Welcome to the 270th consecutive day of posts here at YSDA. Thanks for reading!
14 thoughts on “CRT (Lite) Is Taught in Schools”
This is such a bunch of baloney that it would take multiple hours to unpack and disprove each and every statement. If only I didn’t have a day job and a family….
That’s one of the things about propaganda machines, it’s their full time job. Not enough time to fight back against every statement when you have to work for a living. That’s also a tactic of the dominant culture – throw so much at them that it’s impossible to address every attack.
Ok, let’s just focus on measurable outcomes: once we can no longer correlate race with economic or social outcomes we will have earned the privilege to move past race in our discourse. Until then we have two options: there are inherent superior races or there are structural issues that prevent the equality of races.
I won’t bother with specifics in respect for time and will hope that the general case is sufficiently convincing.
In defense of all of the black people who occupy some of the top positions in business, sports, entertainment, the arts, popular culture, public service, politics, the military, and every other facet of American life, (not to mention millions more who are home and business owners, working hard to give their children a better life), I offer a THIRD option. Perhaps there are inherently superior INDIVIDUALS, who do not allow issues,structural or otherwise, to stop them from achieving their goals.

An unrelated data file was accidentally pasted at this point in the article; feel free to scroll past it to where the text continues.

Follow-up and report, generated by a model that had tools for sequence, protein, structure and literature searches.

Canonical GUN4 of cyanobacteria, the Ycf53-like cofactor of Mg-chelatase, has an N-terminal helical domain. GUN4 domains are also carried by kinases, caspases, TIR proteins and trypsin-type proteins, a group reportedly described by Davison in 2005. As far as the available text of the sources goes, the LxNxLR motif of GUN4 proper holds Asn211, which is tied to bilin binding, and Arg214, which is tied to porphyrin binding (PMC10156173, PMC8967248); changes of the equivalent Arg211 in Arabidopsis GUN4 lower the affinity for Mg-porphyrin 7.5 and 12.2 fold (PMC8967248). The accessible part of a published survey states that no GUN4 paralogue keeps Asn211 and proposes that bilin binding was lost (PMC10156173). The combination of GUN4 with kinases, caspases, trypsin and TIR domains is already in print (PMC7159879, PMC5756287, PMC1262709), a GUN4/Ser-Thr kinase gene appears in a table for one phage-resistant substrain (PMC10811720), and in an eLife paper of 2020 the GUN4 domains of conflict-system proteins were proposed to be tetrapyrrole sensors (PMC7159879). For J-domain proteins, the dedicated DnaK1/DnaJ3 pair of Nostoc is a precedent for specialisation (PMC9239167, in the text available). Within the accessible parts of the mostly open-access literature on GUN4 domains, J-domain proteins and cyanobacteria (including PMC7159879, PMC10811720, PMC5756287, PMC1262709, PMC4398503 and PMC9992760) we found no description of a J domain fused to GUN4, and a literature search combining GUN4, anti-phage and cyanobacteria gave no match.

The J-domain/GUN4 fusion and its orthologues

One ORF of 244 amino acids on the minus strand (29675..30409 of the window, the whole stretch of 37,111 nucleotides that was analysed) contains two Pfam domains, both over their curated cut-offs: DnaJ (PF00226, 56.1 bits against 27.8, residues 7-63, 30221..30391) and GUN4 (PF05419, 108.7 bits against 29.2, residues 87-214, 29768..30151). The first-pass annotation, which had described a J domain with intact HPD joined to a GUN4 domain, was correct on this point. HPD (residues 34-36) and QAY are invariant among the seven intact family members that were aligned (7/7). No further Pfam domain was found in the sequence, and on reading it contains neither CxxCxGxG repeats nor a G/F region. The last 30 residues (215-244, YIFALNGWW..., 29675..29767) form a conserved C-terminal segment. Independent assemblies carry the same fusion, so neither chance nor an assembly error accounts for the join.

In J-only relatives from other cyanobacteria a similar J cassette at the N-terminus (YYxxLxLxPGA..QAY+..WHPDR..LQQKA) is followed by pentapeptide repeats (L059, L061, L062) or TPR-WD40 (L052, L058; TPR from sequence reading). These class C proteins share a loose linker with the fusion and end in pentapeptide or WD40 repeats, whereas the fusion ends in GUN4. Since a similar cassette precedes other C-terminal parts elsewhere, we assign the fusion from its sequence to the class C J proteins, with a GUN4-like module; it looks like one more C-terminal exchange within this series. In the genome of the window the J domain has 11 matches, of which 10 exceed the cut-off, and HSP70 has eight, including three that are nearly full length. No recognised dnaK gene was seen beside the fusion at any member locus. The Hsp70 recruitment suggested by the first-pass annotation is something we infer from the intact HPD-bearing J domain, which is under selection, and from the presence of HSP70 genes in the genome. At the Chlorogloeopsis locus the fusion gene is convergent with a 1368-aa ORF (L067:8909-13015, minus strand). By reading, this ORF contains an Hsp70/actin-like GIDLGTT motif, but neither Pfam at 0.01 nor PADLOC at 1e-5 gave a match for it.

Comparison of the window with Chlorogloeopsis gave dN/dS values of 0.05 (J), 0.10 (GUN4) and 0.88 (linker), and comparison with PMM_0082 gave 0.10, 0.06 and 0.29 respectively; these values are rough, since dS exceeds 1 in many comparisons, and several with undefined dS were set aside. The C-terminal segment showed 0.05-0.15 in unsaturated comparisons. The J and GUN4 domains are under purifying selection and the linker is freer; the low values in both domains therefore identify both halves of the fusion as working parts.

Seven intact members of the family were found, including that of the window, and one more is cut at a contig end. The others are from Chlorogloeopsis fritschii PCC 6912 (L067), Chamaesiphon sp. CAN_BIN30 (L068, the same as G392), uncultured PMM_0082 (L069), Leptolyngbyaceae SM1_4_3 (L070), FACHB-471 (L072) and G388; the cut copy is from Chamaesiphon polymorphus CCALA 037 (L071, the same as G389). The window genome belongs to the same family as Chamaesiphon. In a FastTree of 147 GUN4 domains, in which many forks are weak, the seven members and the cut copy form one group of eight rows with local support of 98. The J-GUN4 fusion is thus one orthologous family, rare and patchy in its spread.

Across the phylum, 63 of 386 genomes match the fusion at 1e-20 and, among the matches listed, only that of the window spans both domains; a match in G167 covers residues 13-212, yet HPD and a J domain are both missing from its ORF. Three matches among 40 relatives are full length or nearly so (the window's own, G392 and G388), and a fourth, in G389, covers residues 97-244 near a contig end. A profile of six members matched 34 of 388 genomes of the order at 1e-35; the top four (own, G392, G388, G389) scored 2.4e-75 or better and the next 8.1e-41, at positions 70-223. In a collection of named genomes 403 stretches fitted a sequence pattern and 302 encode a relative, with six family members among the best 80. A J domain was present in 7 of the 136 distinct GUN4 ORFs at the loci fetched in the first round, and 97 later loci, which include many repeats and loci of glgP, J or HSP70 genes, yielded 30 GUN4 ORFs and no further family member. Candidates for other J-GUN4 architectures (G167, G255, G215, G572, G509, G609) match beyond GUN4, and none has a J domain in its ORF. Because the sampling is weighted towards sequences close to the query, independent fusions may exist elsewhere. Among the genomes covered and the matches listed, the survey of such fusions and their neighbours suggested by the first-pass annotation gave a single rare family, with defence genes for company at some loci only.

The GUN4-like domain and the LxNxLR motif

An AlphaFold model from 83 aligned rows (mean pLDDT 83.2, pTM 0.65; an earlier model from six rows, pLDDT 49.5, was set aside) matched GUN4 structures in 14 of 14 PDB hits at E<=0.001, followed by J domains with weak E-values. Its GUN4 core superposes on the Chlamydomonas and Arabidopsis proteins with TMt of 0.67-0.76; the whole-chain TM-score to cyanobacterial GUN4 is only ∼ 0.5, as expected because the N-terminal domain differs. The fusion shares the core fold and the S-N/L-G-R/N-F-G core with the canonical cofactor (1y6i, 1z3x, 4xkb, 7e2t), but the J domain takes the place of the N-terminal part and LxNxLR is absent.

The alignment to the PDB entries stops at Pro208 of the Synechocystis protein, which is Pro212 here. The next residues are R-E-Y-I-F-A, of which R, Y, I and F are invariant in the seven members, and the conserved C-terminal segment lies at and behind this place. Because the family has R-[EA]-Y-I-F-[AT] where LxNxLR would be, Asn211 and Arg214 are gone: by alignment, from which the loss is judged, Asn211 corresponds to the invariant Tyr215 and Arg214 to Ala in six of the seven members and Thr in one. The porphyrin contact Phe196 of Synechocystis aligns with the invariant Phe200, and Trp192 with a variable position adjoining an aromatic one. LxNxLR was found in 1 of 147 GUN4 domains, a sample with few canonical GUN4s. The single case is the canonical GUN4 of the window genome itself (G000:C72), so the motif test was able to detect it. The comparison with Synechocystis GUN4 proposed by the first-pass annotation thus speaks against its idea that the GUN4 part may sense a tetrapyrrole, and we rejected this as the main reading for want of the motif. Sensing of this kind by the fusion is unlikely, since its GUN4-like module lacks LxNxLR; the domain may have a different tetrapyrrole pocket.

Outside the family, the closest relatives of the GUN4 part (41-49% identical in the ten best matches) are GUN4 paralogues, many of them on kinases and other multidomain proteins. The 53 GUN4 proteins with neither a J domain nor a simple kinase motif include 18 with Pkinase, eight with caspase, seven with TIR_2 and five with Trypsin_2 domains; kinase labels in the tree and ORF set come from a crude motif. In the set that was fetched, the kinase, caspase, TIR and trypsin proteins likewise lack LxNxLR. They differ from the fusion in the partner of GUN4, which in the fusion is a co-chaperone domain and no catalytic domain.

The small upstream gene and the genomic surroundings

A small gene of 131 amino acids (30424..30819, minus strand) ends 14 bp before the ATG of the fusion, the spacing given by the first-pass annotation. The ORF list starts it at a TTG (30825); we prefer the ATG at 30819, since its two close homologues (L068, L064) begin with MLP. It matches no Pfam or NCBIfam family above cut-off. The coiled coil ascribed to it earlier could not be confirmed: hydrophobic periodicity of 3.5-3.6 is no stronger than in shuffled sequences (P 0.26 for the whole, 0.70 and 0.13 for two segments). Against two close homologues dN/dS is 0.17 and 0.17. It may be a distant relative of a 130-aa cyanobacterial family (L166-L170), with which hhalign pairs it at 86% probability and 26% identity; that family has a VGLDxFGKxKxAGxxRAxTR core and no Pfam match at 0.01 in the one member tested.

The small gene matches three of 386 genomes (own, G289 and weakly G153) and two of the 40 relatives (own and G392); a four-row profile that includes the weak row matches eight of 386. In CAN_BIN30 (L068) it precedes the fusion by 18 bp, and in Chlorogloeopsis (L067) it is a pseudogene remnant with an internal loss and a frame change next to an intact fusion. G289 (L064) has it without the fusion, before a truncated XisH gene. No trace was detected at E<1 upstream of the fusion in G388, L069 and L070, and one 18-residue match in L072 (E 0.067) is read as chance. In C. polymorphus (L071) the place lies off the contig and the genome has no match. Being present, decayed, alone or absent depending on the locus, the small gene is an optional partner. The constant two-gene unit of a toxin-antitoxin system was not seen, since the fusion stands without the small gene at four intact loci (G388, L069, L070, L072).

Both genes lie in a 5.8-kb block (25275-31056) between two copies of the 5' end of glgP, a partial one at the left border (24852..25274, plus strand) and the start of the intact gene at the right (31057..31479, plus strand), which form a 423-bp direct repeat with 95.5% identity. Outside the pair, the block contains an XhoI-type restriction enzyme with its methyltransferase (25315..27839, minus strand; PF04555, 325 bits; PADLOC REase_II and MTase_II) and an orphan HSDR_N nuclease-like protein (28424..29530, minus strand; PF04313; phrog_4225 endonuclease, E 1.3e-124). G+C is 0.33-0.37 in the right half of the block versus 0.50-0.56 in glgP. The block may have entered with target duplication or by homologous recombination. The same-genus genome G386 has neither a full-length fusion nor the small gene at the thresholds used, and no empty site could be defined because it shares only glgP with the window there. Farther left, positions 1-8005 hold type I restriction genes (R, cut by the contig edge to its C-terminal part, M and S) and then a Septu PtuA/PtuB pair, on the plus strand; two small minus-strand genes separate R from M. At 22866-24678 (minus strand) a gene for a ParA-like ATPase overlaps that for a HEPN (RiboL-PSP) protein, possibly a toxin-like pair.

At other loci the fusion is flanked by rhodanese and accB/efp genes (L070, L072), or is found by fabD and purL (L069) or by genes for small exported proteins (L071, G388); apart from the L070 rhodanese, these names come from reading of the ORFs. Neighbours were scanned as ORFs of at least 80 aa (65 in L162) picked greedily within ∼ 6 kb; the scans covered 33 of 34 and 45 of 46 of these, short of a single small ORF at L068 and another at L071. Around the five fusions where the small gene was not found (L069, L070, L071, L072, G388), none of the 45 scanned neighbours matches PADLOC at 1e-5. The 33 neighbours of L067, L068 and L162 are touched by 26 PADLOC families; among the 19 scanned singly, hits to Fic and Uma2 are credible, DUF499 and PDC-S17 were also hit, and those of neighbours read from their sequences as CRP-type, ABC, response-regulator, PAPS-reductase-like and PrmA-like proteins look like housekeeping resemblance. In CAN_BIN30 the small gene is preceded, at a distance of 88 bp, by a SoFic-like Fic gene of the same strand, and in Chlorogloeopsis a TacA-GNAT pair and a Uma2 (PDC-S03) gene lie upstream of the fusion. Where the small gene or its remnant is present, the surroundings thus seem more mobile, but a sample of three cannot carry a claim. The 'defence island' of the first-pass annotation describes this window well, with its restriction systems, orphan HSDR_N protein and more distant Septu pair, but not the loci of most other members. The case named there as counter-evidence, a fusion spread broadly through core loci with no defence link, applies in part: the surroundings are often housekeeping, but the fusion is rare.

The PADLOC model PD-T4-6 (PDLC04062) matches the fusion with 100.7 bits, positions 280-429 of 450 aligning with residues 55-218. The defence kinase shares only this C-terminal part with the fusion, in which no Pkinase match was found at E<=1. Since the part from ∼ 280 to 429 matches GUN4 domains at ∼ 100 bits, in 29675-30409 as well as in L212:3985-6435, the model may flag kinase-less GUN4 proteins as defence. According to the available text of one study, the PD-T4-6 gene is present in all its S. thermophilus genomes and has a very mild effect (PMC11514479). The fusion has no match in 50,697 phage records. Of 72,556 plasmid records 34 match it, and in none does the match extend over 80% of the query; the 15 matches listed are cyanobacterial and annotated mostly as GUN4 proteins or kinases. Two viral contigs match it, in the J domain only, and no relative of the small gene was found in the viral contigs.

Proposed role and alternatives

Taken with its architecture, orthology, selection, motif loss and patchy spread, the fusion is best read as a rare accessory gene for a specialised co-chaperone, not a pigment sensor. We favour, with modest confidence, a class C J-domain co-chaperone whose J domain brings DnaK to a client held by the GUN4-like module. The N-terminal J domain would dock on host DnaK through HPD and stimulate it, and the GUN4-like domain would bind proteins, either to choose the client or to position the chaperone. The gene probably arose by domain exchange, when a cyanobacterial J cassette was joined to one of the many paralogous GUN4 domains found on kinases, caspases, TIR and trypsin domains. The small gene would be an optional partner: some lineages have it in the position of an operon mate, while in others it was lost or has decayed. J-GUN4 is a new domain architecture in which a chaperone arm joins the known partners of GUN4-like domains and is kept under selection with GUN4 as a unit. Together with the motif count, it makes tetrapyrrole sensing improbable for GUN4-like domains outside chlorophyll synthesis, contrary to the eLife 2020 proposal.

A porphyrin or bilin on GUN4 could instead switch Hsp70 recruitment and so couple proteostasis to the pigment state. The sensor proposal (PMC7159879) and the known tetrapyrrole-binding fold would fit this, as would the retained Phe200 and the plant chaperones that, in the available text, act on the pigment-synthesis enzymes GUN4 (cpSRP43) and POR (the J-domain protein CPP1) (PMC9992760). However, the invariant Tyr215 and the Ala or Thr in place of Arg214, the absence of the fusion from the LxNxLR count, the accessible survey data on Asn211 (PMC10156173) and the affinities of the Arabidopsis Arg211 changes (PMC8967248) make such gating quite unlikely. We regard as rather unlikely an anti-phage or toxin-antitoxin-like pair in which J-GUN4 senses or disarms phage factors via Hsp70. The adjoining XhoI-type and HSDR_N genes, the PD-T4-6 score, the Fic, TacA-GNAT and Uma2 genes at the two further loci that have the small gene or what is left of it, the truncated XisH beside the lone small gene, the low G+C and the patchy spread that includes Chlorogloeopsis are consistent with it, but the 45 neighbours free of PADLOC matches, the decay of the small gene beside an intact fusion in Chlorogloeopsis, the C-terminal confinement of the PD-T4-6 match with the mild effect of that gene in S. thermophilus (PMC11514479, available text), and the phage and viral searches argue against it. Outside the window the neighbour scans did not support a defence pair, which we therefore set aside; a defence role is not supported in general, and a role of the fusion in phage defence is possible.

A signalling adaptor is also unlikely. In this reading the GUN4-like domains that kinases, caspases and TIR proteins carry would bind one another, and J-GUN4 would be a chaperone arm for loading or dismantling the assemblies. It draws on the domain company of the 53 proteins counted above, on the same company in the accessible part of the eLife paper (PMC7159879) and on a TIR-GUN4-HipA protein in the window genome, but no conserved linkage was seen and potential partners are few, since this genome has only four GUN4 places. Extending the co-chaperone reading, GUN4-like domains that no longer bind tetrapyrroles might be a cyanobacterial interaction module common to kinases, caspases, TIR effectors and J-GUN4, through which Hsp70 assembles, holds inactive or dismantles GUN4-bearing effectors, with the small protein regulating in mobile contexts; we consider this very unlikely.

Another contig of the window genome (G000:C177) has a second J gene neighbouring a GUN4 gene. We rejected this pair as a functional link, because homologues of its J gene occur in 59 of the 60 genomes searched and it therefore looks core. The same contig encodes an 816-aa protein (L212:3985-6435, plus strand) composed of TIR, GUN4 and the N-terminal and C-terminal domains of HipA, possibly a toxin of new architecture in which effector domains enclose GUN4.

When you tell ANY group of people that they aren’t strong enough, smart enough, or that the deck is stacked against them, there will be a certain portion of them who don’t get the message, or simply refute it outright. There are an awful lot of successful people, and they are under the impression that they made it on their own. Without the benefit of “woke” benevolence. So just for them, would you set them straight? “The general case is not sufficiently convincing”, so be “specific”
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The existence of some successful people of color does not negate the clear disparities we see in so many measurable outcomes. For example, 47% of black families own their own home while 76% of white families do. Your argument is akin to saying that because some black families own homes this disparity is meaningless and should never be discussed or examined.
It appears that you might be saying that the percentage of “successful” individuals just so happens by chance to be higher for white Americans compared to Americans of color.
This is literally the same as saying that there is something within whiteness that makes white individuals “successful” more often than other races.
Or maybe that’s not what you really meant? How come the percentage of “successful” white people is higher than persons of color? Why is there a disparity in home ownership, for example?
These types of questions are ALWAYS dodged because they circle back to those two options which make people uncomfortable. The response often ends up “but some black people own homes”, ignoring the statistics and dodging the question – because that third option that you put forth is not logically connected to what I’m saying: I’m talking about commonly, repeatedly measured disparity in overall outcomes across racial groups and you reply with “but what about that successful person right there?” To repeat, just because some black families own homes does not mean that there’s not a disparity in home ownership.
I agree with your second paragraph, it will be better when there are less people saying that there’s something inherently inferior about people of color. “The Woke” are saying the opposite: that all humans are on average equally capable across all races and cultures (in other words, created equal) and currently observed disparity in outcome is not due to inherent inferiority of individuals whom make up these groups. That this idea is met with so much hostility is astonishing to me.